were actually performed not at the winter festival * but in the summer, they give in so striking a way the feelings, the point of view, of our mediaeval forefathers in regard to the Nativity that
i we are justified in dealing with them here at some length.
As the drama became laicized, it came to reflect that strange medley of conflicting elements, pagan and Christian, materialistic and spiritual, which was the actual religion of the folk, as
1 distinguished from the philosophical theology of the doctors and
i councils and the mysticism of the ascetics. The popularizing of Christianity had reached its climax in most countries of western
! Europe in the fifteenth century, approximately the period of the great " mysteries." However little the ethical teaching of Jesus may have been acted upon, the Christian religion on its external side had been thoroughly appropriated by the people and wrought into a many-coloured polytheism, a true reflection of their minds. The figures of the drama are contemporaries of the spectators both in garb and character ; they are not Orientals of ancient times, but Europeans of the end of the Middle Ages. Bethlehem is a "faier borow," Herod a " mody king," like unto some haughty, capricious, and violent monarch of the time, the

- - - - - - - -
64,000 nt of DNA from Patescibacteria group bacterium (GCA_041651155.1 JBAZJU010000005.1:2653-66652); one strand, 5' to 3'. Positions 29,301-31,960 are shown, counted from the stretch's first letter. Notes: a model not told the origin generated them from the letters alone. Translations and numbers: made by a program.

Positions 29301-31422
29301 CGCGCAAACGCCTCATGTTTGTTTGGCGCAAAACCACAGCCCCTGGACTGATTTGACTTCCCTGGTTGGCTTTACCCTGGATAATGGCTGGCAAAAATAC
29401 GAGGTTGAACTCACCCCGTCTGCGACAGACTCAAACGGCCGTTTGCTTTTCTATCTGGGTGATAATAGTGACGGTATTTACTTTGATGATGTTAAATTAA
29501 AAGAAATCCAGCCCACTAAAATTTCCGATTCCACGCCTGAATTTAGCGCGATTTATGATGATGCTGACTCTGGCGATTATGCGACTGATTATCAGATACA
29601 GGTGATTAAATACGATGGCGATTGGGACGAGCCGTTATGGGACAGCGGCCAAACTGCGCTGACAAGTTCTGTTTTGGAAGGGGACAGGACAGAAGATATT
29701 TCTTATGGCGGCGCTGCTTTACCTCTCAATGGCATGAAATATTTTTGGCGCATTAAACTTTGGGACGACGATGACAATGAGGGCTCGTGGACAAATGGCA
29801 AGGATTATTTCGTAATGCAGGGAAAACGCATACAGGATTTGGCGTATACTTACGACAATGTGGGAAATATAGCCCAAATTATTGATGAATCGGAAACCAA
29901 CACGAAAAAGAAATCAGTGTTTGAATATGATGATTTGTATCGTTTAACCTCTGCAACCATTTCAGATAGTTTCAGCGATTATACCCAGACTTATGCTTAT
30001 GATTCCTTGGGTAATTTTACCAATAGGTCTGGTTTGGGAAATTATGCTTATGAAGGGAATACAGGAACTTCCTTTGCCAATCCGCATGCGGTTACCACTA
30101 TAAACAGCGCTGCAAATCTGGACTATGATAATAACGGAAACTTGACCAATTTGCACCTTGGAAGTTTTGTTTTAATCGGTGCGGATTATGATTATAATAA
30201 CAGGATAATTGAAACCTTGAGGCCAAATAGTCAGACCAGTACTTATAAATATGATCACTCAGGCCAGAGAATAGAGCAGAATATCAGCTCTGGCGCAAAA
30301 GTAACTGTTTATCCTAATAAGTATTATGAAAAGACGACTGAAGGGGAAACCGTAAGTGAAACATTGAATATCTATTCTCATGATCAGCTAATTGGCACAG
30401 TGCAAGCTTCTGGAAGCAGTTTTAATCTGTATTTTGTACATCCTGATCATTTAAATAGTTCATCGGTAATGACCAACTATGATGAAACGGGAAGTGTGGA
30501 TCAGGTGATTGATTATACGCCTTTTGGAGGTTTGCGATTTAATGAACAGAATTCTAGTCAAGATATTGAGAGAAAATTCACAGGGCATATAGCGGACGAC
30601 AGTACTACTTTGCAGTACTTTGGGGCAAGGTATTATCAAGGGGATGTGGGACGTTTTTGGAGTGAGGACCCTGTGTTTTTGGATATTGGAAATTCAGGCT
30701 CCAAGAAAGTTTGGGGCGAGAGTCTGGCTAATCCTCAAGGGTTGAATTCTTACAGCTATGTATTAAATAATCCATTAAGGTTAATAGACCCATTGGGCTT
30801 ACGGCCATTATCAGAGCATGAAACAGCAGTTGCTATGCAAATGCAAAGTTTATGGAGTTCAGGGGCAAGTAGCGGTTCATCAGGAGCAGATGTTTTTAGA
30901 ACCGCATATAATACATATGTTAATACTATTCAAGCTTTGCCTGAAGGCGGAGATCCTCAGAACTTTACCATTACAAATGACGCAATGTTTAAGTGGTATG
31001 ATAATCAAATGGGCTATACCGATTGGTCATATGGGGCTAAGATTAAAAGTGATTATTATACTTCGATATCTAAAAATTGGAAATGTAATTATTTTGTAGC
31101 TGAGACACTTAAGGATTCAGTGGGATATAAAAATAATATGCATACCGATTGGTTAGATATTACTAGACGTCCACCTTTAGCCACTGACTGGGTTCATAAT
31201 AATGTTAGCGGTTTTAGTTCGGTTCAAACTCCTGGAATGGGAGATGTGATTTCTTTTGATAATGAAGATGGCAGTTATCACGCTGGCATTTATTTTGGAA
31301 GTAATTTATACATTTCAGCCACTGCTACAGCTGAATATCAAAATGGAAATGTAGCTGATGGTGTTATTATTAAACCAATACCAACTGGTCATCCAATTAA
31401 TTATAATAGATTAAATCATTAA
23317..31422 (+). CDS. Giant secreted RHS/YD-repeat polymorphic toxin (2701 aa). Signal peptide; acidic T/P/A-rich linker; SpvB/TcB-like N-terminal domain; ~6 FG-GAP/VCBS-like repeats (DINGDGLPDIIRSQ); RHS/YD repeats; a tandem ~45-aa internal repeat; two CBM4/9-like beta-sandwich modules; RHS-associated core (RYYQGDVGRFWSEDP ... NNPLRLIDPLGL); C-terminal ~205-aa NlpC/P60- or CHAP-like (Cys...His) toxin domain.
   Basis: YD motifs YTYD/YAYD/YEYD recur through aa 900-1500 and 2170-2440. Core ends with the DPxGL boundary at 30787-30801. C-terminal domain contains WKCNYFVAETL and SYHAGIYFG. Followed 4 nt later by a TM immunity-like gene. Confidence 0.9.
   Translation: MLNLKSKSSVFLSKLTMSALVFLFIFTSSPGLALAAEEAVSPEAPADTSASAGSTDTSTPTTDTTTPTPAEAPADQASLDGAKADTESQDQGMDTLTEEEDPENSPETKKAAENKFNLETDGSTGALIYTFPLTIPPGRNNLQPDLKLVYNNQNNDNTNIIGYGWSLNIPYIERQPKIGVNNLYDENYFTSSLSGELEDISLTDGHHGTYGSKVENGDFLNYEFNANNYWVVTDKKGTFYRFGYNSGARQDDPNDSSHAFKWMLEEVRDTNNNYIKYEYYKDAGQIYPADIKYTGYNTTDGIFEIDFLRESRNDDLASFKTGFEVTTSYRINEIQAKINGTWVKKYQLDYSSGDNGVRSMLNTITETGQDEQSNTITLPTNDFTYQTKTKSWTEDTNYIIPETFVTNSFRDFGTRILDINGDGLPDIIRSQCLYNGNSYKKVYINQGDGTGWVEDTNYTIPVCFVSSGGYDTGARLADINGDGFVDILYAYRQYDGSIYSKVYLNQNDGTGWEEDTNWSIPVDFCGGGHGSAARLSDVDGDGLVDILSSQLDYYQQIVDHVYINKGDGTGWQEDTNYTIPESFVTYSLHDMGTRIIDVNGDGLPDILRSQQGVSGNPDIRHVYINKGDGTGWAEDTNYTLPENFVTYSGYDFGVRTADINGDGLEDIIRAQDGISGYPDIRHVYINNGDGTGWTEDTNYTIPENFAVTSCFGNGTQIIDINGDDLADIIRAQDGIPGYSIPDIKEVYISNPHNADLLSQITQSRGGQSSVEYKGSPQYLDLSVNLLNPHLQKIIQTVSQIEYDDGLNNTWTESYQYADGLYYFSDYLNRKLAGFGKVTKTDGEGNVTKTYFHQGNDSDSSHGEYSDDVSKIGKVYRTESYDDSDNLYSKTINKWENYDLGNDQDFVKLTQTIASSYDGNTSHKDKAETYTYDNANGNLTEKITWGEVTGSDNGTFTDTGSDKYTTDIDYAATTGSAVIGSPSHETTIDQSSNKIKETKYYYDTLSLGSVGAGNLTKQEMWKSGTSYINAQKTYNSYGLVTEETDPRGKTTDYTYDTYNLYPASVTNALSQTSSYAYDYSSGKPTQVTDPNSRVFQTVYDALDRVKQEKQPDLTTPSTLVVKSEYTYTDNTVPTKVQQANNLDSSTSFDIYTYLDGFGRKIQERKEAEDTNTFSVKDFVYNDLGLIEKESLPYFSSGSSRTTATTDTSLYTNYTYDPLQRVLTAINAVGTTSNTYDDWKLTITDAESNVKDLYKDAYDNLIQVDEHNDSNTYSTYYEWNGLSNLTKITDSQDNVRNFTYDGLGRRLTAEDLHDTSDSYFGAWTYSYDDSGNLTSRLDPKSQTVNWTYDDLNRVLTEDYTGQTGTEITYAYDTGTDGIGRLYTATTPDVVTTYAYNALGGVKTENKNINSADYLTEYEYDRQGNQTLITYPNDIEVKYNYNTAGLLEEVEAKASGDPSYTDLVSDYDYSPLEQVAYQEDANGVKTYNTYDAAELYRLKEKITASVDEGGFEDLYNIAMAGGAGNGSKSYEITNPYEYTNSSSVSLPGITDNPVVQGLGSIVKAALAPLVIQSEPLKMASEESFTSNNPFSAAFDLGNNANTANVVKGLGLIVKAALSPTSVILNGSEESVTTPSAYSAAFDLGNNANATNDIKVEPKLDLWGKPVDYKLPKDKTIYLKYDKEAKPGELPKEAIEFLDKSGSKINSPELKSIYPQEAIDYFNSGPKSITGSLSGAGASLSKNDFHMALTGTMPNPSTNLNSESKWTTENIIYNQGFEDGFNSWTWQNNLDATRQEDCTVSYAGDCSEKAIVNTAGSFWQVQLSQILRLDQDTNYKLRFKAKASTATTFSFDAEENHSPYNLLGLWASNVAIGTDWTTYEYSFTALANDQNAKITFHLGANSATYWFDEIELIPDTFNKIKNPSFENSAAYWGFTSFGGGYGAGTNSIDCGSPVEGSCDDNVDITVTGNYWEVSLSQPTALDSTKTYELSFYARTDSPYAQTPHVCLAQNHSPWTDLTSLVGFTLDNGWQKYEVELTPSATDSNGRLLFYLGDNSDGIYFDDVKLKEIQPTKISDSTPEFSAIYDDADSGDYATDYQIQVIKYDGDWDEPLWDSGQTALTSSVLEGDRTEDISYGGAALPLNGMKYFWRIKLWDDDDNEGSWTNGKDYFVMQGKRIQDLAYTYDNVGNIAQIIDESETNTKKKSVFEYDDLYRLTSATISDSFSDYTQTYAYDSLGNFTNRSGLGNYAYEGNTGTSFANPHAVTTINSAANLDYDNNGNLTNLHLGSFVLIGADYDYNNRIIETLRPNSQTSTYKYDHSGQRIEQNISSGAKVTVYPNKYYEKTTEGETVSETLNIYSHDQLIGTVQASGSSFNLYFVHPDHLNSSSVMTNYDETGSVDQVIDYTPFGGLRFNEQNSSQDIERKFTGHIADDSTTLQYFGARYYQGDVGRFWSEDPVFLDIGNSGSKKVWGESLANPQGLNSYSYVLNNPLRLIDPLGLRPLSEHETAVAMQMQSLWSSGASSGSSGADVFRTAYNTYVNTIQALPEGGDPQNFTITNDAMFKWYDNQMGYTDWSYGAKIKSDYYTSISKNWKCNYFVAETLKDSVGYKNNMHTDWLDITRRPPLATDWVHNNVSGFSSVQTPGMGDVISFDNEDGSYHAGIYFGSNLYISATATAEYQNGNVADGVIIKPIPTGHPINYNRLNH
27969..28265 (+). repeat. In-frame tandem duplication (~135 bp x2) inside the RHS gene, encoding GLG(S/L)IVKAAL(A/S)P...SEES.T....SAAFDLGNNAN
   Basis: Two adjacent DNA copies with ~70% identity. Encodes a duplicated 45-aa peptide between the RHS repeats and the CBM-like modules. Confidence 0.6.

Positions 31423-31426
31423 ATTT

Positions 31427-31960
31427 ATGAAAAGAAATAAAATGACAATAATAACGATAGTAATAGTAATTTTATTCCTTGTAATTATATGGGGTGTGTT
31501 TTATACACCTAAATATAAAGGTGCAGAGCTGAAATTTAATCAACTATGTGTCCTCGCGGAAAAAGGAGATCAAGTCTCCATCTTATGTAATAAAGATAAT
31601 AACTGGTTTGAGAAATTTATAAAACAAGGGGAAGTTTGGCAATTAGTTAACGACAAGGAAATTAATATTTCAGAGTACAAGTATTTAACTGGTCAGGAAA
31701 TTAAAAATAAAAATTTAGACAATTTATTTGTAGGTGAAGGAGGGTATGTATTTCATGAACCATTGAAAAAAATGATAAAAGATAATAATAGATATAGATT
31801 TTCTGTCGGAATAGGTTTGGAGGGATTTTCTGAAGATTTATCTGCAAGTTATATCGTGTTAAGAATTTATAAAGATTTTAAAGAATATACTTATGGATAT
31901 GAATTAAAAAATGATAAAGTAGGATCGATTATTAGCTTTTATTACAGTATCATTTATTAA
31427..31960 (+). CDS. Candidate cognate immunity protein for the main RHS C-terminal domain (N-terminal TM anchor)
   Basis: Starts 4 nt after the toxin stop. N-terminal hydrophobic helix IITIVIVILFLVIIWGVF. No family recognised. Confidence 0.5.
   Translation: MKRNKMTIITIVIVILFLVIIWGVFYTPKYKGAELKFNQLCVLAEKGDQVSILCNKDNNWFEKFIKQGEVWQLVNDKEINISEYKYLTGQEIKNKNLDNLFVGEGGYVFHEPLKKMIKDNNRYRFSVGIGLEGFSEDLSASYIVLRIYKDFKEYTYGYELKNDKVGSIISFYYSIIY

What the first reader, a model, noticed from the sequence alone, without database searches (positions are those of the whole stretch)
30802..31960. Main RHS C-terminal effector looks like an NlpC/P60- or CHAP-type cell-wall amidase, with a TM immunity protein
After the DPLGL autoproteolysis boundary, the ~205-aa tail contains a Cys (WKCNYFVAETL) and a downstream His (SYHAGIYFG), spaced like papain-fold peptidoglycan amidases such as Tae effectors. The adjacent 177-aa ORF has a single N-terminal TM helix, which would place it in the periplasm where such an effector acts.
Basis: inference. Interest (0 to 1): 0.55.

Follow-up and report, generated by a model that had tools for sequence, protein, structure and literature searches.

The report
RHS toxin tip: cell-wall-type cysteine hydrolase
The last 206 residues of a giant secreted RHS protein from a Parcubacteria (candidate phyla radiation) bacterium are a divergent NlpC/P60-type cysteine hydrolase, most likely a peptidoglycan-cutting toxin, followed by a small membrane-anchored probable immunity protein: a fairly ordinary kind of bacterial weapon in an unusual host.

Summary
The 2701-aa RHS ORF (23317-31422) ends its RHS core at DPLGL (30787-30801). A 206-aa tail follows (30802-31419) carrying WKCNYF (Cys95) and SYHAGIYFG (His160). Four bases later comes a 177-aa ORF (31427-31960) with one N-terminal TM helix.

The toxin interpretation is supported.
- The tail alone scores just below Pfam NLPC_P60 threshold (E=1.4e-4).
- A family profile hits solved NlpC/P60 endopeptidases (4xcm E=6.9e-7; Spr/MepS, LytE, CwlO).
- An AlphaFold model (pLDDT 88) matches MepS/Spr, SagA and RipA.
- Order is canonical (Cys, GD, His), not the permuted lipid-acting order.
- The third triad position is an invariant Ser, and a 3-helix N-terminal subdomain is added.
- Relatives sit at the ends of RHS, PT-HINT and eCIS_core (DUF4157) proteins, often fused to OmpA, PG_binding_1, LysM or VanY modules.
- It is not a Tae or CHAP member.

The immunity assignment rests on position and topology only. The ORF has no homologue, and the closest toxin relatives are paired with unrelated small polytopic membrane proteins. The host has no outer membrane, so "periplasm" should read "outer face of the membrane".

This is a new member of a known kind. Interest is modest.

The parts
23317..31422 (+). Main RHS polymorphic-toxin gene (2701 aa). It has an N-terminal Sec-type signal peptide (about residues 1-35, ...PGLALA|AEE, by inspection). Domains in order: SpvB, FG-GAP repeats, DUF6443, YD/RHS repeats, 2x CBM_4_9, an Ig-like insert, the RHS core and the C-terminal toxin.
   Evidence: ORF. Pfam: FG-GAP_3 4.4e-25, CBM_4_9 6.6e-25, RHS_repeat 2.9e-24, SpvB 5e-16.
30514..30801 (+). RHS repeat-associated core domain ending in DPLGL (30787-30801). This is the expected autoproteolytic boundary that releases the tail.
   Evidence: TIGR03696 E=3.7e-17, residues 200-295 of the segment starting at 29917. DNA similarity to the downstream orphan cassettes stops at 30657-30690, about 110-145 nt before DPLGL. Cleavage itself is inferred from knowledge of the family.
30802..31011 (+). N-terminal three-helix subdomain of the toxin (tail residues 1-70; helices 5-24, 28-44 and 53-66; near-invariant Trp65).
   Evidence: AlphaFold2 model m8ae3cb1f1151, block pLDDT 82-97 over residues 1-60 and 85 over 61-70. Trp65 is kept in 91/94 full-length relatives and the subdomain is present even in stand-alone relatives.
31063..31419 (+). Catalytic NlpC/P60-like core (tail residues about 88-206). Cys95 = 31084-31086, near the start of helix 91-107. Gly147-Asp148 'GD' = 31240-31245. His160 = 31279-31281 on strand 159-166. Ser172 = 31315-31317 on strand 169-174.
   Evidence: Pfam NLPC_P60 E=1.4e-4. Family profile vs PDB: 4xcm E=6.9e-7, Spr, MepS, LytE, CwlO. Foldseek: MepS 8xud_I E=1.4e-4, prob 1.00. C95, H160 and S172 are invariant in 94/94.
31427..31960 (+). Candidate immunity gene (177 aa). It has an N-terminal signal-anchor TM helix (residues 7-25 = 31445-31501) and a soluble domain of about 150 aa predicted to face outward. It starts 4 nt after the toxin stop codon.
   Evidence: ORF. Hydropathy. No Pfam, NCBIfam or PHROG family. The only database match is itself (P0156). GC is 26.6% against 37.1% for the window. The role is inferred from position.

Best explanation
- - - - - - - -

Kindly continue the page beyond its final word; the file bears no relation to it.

, shepherds are rustics of England or Germany or France or Italy, the Magi mighty potentates with gorgeous trains, and the Child Himself is a little being subject to all the pains and necessities of infancy, but delighted with sweet and pleasant things like a bob of cherries or a ball. The realism of the writers is sometimes astounding, and comic elements often appear—to the people of the Middle Ages religion was so real and natural a thing that they could laugh at it without ceasing to believe in or to love it.
The English mediaeval playwrights, it may safely be said, are surpassed by no foreigners in their treatment of Christmas subjects. To illustrate their way of handling the scenes I may
* Though no texts are extant of religious plays in English acted at Christmastide, there are occasional records of such performances :—at Tintinhull for instance in 1451 and at Dublin in 1528, while at Aberdeen a processional "Nativity" was performed at Candlemas. And the "Stella," whether in English or Latin it is uncertain, is found at various places between 1462 and 1579.10